STAMFORD BRIDGE, LONDON—Jose Mourinho's Chelsea were left frustrated on Wednesday after a goalless draw with West Ham United saw them lose ground in the Premier League title race.
Manchester City now top the table after thrashing Tottenham Hotspur 5-1, while a day earlier Arsenal had dropped points when drawing 2-2 with Southampton.
The Blues had an incredible 39 shots on goal against the Hammers—who managed just one—but still they couldn't find a way through as Sam Allardyce's men held firm for a valuable point.
It left Mourinho cutting a frustrated figure, and while he described West Ham's tactics as being somewhat dated, plenty of other talking points reared their head at Stamford Bridge.
Here are six things we learned from this London derby.
When they're scoring goals at will and thrashing whomever is put before them, it's difficult to see anyone but Manchester City being this season's Premier League champions.
While Chelsea were struggling to break down a team that Manuel Pellegrini's team recently scored nine goals against in the Capital One Cup semi-final, City were busy beating Tottenham Hotspur 5-1 at White Hart Lane.
That win moves them to the top, and in this kind of form, it's hard to see anyone finishing above them.
Chelsea will try, of course, but the draw against West Ham certainly done them any favors.
Chelsea had 39 shots against West Ham United, and they didn't once come close to scoring.
That's a worrying statistic.
While Chelsea's strikers have been much maligned in 2013-14, the draw highlighted that unless the Blues can attract a ruthless goalscorer, they will be endure more moments such as this.
It's an incredible stat—Chelsea had a shot on goal around every 2.3 minutes of the game.
At any level, failing to find the net after dominating so much isn't good enough, and Mourinho needs to have his players back in training for extra shooting practice.
Andy Carroll suffered from a phenomenon that strikes most players when they spend a lengthy spell on the sidelines—he became a better player.
While West Ham were struggling in the Premier League in his absence, the notion gradually grew that things would change once he returned to fitness. But it's not going to be the case.
The Hammers may have come away with a draw against Chelsea, but they did it on the back of a solid defensive display and nothing more.
Sam Allardyce's team showed very little going forward, and when Carroll's job was to be holding up play and easing the pressure, he wasn't up to task.
He could have grabbed an unlikely winner midway through the second half too but didn't have the composure to connect with a Matt Jarvis cross with the goal gaping.
Overall, it was a disappointing display, and if the Hammers are pinning their survival hopes on the Englishman, they may find themselves back in the championship.
Many things may have changed in the years since his last spell as Chelsea coach, but Jose Mourinho's sense of humor isn't one of them.
He branded West Ham United's tactic as being behind the times on Wednesday, saying their approach was "19th century football."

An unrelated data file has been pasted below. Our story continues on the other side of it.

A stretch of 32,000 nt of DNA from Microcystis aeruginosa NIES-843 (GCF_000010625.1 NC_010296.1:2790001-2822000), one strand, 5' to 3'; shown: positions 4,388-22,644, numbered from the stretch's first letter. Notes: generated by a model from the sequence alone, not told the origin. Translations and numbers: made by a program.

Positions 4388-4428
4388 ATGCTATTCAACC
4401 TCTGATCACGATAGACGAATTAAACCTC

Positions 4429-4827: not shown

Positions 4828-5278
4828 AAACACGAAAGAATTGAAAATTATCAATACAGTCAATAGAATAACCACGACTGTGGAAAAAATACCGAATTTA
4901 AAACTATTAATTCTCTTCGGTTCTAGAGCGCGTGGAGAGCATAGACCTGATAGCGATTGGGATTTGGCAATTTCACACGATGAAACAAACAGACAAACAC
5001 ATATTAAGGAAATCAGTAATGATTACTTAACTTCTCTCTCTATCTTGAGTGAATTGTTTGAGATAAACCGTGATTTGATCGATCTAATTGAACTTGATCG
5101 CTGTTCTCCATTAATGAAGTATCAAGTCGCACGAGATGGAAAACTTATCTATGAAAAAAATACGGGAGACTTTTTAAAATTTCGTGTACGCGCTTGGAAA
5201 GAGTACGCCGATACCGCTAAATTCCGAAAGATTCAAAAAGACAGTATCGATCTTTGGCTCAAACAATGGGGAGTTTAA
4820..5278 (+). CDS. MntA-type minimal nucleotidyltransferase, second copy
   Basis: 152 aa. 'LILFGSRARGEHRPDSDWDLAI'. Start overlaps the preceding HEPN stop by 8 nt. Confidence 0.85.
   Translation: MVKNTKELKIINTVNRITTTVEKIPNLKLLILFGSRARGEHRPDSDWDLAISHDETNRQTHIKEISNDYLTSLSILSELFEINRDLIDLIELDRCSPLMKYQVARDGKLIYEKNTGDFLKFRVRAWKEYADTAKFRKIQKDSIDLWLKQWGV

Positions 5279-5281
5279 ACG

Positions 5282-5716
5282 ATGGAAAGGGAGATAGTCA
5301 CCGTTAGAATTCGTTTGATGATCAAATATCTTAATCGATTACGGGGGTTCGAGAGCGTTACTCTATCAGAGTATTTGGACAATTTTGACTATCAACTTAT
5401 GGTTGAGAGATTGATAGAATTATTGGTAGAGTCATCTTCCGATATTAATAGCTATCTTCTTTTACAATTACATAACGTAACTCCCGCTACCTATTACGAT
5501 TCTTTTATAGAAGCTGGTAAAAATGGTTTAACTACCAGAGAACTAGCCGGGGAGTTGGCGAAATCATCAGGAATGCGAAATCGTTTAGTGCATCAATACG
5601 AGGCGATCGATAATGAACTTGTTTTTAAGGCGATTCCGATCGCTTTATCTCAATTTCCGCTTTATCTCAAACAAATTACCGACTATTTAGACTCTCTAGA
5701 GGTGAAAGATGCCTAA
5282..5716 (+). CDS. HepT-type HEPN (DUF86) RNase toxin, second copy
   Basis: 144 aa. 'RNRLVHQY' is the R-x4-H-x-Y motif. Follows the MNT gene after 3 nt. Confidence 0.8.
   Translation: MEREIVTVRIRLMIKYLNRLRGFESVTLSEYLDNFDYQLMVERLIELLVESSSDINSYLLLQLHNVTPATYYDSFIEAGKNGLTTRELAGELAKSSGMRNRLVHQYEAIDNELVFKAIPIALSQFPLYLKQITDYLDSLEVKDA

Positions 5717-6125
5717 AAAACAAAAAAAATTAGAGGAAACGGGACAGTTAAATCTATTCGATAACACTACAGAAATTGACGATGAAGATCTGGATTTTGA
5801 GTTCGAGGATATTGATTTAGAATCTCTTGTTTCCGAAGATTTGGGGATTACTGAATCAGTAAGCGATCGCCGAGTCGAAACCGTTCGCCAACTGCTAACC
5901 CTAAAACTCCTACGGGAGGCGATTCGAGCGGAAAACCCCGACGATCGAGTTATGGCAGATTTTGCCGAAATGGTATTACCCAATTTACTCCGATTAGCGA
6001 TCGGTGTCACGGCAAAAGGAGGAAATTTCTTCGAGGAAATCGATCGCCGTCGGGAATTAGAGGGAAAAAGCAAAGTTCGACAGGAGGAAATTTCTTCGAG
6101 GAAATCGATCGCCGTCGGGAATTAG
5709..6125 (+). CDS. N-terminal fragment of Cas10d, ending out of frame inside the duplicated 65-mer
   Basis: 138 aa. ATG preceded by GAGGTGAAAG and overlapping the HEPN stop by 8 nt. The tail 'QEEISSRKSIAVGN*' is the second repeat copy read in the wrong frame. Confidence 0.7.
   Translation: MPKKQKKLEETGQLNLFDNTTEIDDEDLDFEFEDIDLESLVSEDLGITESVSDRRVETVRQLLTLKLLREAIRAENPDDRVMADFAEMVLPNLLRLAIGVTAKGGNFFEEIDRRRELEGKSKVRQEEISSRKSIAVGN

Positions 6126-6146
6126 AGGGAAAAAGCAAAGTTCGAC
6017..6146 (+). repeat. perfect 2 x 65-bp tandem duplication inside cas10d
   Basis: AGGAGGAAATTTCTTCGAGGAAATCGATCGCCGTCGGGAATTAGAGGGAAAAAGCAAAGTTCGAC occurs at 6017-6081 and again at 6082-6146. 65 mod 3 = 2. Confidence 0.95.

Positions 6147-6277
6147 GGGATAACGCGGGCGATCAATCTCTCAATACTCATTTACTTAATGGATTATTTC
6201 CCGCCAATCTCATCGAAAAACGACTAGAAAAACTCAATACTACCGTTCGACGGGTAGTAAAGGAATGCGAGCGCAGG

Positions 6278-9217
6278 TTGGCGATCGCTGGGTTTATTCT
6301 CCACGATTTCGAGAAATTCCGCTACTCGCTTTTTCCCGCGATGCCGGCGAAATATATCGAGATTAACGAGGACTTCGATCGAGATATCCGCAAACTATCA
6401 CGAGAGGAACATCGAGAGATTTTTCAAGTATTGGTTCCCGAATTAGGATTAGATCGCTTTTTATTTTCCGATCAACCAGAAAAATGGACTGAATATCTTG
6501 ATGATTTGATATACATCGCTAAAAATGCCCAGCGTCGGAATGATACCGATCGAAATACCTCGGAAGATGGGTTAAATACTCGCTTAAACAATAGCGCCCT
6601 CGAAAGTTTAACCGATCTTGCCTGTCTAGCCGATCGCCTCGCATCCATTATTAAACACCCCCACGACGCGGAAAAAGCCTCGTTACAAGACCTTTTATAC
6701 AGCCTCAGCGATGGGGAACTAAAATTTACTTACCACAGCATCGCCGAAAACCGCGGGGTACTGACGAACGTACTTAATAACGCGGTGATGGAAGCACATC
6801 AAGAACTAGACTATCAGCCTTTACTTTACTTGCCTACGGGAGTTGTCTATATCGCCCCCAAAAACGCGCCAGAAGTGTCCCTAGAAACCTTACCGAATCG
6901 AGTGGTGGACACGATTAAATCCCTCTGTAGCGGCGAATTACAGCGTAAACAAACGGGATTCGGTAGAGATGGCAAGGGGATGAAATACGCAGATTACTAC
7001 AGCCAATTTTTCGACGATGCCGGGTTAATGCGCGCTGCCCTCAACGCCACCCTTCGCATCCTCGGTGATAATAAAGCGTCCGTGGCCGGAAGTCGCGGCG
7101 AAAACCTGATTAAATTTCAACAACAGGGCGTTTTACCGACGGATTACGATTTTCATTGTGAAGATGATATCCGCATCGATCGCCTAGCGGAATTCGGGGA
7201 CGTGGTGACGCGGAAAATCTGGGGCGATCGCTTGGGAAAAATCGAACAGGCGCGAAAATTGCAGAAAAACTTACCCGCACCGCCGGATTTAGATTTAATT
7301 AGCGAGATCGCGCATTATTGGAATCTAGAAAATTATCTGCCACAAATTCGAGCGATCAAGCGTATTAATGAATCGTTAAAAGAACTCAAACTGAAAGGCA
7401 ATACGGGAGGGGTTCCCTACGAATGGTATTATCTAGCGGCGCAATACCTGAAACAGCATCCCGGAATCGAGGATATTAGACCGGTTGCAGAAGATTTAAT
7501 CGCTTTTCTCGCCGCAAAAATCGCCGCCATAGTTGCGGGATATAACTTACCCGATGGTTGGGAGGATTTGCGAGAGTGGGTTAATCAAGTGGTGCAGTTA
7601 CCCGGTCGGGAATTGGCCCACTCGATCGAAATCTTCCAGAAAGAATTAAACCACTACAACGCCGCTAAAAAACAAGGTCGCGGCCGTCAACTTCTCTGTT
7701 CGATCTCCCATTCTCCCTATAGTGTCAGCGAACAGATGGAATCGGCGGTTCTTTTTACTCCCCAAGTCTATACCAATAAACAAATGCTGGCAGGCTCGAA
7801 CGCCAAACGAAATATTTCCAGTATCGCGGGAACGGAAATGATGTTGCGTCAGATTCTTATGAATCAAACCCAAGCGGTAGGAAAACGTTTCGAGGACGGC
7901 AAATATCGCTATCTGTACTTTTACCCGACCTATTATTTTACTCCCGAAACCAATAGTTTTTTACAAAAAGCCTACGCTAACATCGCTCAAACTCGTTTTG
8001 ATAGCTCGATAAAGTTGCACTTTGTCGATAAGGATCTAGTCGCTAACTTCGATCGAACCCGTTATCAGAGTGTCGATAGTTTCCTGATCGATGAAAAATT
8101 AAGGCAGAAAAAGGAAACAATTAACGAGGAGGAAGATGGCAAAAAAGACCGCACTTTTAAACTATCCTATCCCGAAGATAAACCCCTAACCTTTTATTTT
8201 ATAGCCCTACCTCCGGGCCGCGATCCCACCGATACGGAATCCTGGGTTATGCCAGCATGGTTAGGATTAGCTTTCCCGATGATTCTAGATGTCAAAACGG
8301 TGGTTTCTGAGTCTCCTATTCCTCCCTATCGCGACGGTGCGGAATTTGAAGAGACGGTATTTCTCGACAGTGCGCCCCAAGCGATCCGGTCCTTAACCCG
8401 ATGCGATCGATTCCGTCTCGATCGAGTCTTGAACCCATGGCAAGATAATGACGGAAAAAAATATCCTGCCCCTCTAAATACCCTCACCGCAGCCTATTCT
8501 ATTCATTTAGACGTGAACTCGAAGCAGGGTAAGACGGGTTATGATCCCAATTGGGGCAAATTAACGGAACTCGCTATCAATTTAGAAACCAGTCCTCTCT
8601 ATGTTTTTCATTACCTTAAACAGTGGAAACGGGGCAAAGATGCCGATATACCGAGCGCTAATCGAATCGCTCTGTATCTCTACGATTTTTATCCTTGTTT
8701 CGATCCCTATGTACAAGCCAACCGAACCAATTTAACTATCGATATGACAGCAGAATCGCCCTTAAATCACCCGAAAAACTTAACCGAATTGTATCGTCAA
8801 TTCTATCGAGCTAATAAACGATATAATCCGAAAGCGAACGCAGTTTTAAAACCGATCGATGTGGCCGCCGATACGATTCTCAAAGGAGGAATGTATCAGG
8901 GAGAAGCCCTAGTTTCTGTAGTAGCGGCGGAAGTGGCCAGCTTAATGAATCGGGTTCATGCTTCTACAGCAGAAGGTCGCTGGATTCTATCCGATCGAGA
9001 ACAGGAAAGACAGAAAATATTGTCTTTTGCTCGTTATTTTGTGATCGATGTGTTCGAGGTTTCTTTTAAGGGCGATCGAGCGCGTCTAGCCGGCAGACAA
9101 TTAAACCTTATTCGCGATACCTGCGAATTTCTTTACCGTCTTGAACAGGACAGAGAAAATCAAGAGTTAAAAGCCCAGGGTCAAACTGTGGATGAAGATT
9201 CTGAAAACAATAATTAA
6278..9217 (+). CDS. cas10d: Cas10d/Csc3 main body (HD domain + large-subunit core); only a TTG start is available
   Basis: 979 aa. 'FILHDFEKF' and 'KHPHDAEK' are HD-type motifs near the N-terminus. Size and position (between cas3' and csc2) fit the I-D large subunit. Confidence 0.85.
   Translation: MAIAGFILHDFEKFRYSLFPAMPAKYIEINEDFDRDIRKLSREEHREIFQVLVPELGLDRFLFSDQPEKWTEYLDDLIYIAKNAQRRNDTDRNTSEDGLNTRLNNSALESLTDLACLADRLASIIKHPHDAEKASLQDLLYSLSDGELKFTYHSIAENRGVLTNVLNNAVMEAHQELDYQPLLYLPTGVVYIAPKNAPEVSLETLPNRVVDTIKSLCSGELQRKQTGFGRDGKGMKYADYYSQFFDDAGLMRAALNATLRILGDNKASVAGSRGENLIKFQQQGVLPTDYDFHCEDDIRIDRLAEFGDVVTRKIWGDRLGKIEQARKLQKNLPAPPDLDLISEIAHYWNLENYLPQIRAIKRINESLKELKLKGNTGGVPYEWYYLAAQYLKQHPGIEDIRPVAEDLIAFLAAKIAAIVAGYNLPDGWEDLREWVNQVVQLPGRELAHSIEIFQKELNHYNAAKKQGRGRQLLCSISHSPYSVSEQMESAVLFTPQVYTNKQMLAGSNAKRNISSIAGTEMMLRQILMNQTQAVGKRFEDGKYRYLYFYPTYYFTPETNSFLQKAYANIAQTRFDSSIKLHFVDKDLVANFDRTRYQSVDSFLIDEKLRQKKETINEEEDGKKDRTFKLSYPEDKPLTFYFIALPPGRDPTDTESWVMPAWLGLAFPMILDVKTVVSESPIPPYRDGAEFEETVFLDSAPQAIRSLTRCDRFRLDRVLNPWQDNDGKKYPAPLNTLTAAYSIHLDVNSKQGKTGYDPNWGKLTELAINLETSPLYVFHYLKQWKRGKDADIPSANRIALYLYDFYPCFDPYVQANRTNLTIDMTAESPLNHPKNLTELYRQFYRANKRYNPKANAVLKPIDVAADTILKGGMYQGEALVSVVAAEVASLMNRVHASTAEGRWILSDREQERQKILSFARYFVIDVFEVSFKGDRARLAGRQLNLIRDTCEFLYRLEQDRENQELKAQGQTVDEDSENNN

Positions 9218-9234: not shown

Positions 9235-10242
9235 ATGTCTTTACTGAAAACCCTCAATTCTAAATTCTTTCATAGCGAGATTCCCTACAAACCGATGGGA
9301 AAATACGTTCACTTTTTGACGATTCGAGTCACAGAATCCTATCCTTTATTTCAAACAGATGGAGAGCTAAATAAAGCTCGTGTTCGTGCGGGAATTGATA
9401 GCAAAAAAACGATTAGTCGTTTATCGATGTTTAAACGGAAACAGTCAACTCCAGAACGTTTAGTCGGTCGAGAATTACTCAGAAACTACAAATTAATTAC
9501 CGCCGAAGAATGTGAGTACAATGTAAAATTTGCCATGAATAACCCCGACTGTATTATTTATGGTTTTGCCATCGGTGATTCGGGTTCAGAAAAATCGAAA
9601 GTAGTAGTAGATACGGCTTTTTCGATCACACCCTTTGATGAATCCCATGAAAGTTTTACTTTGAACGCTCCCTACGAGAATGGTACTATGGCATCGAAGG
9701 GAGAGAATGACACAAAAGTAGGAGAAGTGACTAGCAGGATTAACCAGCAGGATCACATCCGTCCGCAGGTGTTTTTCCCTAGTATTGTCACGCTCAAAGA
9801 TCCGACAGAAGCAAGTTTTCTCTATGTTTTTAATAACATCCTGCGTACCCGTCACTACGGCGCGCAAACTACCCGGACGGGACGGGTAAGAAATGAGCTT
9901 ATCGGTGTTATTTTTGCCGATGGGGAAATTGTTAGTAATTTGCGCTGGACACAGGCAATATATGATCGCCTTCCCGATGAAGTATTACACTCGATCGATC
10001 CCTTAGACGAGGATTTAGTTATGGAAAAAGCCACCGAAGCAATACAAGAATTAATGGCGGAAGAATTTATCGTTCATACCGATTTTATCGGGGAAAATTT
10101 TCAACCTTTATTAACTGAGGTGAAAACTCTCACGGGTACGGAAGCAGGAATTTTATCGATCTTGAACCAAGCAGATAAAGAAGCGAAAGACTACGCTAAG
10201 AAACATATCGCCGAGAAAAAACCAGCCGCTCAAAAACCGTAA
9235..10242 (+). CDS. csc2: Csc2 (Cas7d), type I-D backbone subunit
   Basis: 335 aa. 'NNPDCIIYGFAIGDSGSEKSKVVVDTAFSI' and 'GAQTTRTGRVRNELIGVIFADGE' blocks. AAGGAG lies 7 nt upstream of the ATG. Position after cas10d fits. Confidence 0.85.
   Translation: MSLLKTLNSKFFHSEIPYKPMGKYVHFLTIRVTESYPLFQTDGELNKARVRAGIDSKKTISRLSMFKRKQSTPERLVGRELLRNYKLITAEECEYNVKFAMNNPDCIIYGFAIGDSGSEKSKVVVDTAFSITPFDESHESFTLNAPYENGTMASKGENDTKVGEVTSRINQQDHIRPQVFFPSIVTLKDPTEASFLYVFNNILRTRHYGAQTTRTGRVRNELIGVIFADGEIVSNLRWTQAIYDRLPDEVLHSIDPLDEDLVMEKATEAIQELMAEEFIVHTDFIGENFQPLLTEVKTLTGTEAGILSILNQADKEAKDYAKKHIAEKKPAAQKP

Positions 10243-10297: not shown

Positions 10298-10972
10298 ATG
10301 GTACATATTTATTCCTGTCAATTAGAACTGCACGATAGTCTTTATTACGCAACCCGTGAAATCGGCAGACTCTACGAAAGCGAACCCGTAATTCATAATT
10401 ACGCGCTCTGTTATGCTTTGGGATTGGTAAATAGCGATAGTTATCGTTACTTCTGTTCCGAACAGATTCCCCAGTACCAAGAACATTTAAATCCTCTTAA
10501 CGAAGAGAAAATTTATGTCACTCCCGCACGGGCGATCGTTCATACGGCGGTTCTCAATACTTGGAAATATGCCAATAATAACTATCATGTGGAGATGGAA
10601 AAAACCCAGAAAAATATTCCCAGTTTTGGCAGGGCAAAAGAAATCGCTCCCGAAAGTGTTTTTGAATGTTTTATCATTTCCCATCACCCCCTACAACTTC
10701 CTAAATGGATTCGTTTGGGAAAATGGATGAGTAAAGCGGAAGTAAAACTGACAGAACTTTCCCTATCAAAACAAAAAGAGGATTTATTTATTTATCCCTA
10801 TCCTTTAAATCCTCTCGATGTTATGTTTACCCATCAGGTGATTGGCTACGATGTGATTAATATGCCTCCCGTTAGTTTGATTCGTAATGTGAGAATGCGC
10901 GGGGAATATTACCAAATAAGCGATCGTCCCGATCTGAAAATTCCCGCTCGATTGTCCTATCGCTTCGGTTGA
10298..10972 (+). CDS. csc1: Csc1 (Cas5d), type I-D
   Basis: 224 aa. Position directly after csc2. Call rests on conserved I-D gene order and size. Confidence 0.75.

It got more than a chuckle in the post-match press conference and put a smile on his face too, despite Chelsea losing ground in the title race.
The Portuguese knew what he was up to, and whether it was tongue in cheek or not, it was an effective way of getting his point across.
Talk about team spirit. West Ham United gave on gutsy display.
With their backs to the wall for much of the game, the Hammers battled their way to a point against Chelsea.
It still leaves them in the relegation zone, but it's a point that not even their own supporters would have been expecting.
The impression was Andy Carroll would inspire them to pulling clear of the bottom three (refer to Slide 3), but it seems their much-criticized defence could very be the answer instead.
Who would have predicted that at the turn of the year?
West Ham have been on the receiving end of some beatings this term, but with this defensive display, they may have turned the corner.
From here, they can continue to build, and while preventing goals and hoping for the best at the other end isn't going to be the end of their troubles, it will help them turn things around.
He's already been vital to Chelsea's success this season, and Wednesday night reaffirmed that Eden Hazard is quickly becoming the main man at Stamford Bridge.
It was telling that when Jose Mourinho made his final substitute of the game to bring on Demba Ba, he sacrificed Oscar, preferring to keep Hazard on the pitch.
The Belgian was probably Chelsea's best attacking player on the night, but it also showed Mourinho's faith in him.
It worked tactically, too, as the team maintained an element of width that removing Hazard would have lost.
Not only that, but at times throughout the game Hazard was playing like a senior member of this squad. He was demanding possession, attacking players and attempting to win it on his own.
It didn't work out as he would have liked, but the fact remains that he was vital to Chelsea's endeavors.
Garry Hayes is Bleacher Report's lead Chelsea correspondent and will be following the club from a London base throughout the 2013-14 season. Follow him on Twitter here @garryhayes